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Read science articles on the ice age, glaciation and climatology. Discover the connection between ice ages and global warming.
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Antarctic ice sheet is melting, but rising bedrock below could slow it down

Thu, 06/21/2018 - 13:11
An international team of researchers has found that the bedrock below the remote West Antarctic Ice Sheet is rising much more rapidly than previously thought, in response to ongoing ice melt.

Clovis site: Montana burial site answers questions about early humans

Tue, 06/19/2018 - 11:24
Scientists have shown that at the Anzick site in Montana - the only known Clovis burial site - the skeletal remains of a young child and the antler and stone artifacts found there were buried at the same time, raising new questions about the early inhabitants of North America.

New model for gauging ice sheet movement may improve sea-level-rise predictions

Tue, 06/19/2018 - 11:24
Researchers discovered friction -- or 'basal drag' -- between ice sheets and the hard bed underneath has no influence on how fast glaciers flow.

Land-based portion of massive East Antarctic ice sheet retreated little during past eight million years

Fri, 06/15/2018 - 14:44
Large parts of the massive East Antarctic Ice Sheet did not retreat significantly during a time when atmospheric carbon dioxide concentrations were similar to today's levels.

Why the tongue of the Pine Island Glacier suddenly shrank

Fri, 06/15/2018 - 08:48
The Pine Island Glacier in Western Antarctica is not only one of the fastest-flowing ice streams in the Southern Hemisphere; over the past 11 years, four major icebergs have calved from its floating tongue.

Leading Antarctic experts offer two possible views of continent's future

Thu, 06/14/2018 - 20:38
The next 10 years will be critical for the future of Antarctica, and choices made will have long-lasting consequences, says an international group of Antarctic research scientists. It lays out two different plausible future scenarios for the continent and its Southern Ocean over the next 50 years.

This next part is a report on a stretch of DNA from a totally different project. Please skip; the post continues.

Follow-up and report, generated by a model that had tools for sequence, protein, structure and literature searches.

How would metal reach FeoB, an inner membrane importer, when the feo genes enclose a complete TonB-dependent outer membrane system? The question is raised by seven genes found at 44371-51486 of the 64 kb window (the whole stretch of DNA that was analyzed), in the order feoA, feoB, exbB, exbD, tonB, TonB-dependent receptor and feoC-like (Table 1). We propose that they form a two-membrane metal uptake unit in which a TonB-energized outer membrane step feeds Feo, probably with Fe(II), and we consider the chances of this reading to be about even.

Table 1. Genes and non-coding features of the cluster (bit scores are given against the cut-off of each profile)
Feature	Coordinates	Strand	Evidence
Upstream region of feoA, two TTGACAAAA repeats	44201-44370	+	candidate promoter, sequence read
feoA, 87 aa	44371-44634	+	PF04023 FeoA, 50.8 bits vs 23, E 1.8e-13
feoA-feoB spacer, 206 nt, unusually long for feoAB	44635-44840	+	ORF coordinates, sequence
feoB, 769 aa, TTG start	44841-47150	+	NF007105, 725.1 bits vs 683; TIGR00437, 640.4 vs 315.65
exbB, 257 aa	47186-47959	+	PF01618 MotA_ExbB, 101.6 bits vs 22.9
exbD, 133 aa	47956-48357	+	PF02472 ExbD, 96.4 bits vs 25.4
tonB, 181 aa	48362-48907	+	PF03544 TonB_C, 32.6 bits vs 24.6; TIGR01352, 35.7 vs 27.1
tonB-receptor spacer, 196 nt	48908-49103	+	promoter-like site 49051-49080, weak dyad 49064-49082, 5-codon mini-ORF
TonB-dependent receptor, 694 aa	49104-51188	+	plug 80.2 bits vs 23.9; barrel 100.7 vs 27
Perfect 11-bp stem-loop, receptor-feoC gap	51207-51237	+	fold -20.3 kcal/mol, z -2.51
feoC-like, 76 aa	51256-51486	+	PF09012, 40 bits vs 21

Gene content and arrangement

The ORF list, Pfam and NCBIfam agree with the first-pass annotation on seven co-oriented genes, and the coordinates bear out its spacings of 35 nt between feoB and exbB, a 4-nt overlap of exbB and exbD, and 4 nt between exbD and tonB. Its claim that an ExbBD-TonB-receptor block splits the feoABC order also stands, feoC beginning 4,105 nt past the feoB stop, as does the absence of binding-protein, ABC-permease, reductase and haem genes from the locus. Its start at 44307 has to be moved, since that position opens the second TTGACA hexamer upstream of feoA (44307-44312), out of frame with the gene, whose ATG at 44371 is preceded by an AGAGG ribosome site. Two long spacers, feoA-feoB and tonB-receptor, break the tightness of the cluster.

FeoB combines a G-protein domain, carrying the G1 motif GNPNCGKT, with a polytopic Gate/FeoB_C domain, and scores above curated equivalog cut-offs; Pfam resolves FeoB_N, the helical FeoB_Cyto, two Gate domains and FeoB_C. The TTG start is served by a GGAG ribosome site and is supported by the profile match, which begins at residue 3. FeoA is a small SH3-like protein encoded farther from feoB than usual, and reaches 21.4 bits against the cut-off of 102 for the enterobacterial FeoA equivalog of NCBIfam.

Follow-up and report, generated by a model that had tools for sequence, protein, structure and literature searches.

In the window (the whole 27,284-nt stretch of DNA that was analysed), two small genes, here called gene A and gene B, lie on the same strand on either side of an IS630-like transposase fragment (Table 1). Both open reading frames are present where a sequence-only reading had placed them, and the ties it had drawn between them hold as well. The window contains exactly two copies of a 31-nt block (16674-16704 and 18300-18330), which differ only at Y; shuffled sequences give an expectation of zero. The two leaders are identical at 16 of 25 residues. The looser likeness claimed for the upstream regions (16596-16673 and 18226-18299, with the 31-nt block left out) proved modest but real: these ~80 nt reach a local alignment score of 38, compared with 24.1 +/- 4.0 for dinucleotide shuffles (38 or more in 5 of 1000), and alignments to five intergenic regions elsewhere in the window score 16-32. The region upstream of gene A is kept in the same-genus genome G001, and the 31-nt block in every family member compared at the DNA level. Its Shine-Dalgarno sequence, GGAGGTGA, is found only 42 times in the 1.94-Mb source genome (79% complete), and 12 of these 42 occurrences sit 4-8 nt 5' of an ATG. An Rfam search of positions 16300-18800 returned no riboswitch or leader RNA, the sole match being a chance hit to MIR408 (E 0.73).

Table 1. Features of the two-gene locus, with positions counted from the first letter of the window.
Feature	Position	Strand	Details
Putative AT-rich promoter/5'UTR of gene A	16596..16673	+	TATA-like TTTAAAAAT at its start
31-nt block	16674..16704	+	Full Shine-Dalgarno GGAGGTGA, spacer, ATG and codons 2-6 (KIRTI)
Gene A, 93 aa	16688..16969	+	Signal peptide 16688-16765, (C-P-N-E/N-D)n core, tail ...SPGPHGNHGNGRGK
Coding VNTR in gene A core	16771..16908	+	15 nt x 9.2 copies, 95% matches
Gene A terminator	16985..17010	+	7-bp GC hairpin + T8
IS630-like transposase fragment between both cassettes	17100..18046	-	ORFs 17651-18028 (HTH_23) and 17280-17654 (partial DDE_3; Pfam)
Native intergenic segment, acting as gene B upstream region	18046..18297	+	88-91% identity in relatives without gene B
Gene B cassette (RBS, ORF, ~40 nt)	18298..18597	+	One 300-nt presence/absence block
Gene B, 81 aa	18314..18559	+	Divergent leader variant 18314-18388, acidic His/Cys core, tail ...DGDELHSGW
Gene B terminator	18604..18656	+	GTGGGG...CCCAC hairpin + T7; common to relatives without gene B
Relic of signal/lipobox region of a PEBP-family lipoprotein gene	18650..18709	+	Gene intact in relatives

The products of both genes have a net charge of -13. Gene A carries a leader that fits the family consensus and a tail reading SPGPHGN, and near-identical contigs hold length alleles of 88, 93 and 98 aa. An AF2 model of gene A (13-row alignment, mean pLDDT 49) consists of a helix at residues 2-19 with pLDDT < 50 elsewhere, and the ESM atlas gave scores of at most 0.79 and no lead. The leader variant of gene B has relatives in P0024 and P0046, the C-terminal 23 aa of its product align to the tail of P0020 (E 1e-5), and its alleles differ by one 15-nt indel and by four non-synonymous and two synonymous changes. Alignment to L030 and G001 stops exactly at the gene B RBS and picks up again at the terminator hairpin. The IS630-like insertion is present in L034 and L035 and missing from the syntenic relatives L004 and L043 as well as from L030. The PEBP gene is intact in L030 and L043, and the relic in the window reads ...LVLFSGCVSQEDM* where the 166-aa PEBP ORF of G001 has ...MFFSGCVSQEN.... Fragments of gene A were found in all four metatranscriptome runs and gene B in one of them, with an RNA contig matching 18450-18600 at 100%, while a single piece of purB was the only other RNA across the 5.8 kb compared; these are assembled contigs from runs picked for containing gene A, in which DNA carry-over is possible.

What saved the West Antarctic Ice Sheet 10,000 years ago will not save it today

Thu, 06/14/2018 - 09:12
The retreat of the West Antarctic ice masses after the last Ice Age was reversed surprisingly about 10,000 years ago, scientists found. The reason for the rebound is that, relieved from the weight of the retreating ice, the Earth crust lifted. This made the ice re-advance towards the ocean. Unfortunately, this mechanism is much to slow to prevent dangerous sea-level rise caused by West Antarctica's ice-loss in the present and near future.

Ocean waves following sea ice loss trigger Antarctic ice shelf collapse

Thu, 06/14/2018 - 08:52
Storm-driven ocean swells have triggered the catastrophic disintegration of Antarctic ice shelves in recent decades, according to new research published in Nature today.

Decades of satellite monitoring reveal Antarctic ice loss

Wed, 06/13/2018 - 15:30
Scientists have reviewed decades of satellite measurements to reveal how and why Antarctica's glaciers, ice shelves and sea ice are changing. Their report explains how ice shelf thinning and collapse have triggered an increase in the continent's contribution to sea level rise.

Antarctica ramps up sea level rise

Wed, 06/13/2018 - 15:30